Dallas Willard has said that most churches are not intending to produce disciples, but increase their ABC's - attendance, buildings, and cash. Dave Terpstra, pastor of The Next Level Church in Denver and regular contribut-Ur, believes many church leaders focus on these tangible measurements of success because they are simply easy to quantify. In recent months, Terpstra and his elders have been stretched to think differently about discerning ministry success by reading Jim Collins' advice to non-profit organizations. The respected author of Good to Great believes churches and businesses must evaluate success differently.

Jim Collins recently wrote a monograph to accompany his best-selling book "Good to Great" where he examines the application of his book in the social sectors. He was also interviewed on the subject of his monograph for the current issue of Leadership.

In both the monograph and his interview Collins emphasized the importance of being disciplined as an organization in defining goals and assessing results. But the most intriguing aspect of Collins' work is what he suggests true goals and results for not-for-profits should be (and should not be).

Quickly after entering church leadership, most individuals realize that churches find value in the intangibles. Whereas businesses exist to make money for their shareholders, churches and other not-for-profits exist for something else. Collins suggests that one of the biggest mistakes those of us in the social sector make is to follow the business sector in thinking that money is a goal or output of our church.

Quickly after entering church leadership, most individuals realize that churches find value in the intangibles. Whereas businesses exist to make money for their shareholders, churches and other not-for-profits exist for something else. Collins suggests that one of the biggest mistakes those of us in the social sector make is to follow the business sector in thinking that money is a goal or output of our church.

According to Collins, money is only an input in the social sector, not an output. In other words, we need capital and other resources to carry out our work. But increasing capital is not the point of our work?or is it? How are we supposed to define success in the church?Even more to the point, how are we supposed to measure success in the church?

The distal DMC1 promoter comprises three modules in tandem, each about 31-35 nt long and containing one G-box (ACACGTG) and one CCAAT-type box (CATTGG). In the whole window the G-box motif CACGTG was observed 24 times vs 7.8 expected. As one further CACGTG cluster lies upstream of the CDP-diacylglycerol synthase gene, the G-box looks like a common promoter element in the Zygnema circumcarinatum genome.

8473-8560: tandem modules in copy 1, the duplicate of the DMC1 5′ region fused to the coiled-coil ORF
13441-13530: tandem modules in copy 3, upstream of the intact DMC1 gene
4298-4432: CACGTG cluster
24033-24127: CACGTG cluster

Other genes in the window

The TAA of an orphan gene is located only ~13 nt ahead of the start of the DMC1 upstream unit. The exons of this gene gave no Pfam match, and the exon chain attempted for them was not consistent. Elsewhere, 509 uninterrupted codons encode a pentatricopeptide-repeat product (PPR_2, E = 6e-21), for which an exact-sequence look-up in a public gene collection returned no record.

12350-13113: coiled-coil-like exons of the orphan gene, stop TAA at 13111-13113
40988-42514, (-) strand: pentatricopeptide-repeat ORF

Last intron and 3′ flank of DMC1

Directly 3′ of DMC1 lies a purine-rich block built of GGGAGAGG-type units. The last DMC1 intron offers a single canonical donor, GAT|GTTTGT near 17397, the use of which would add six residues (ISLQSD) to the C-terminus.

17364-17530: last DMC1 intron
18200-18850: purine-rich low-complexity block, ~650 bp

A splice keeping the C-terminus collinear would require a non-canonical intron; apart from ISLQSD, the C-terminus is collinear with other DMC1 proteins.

The three most measurable "products" of church communities are bodies, bucks and bricks. It doesn't take long in church leadership to begin to compare your ministry to others. And whether right or wrong, we all evaluate our churches relative to other churches. I believe every church leader asks these sorts of questions: Are more people coming in the door? Are we able to find a place for them to sit and a place to take care of their kids? Are we growing financially so that we can expand our programs to serve them?

No doubt you have probably heard the maxim before that every church is an organism. Every organism that isn't growing is dying. But as Collins suggests, there is more to growth in the not-for-profit world than the tangibles.

Simply growing the number of bodies, bucks and bricks at our church isn't the answer. I hope you already know that. But how do we define and assess the intangibles?

Collins gives an example of the Cleveland Orchestra. They defined their success according to three seemingly unassessable goals: superior performance, distinctive impact, lasting endurance. However, Collins demonstrates how they were able to assess their ability to meet their goals even though they seemed intangible.

Leave a commentSingle Page
  1. 2
  2. Next >
Books  |  Church Health  |  Success
Read These Next
See Our Latest
Leave a comment

Follow Us

Sign up today for our Weekly newsletter: Leadership Journal. Each weekly issue contains support and tips from the editors of Leadership to help you in your ministry.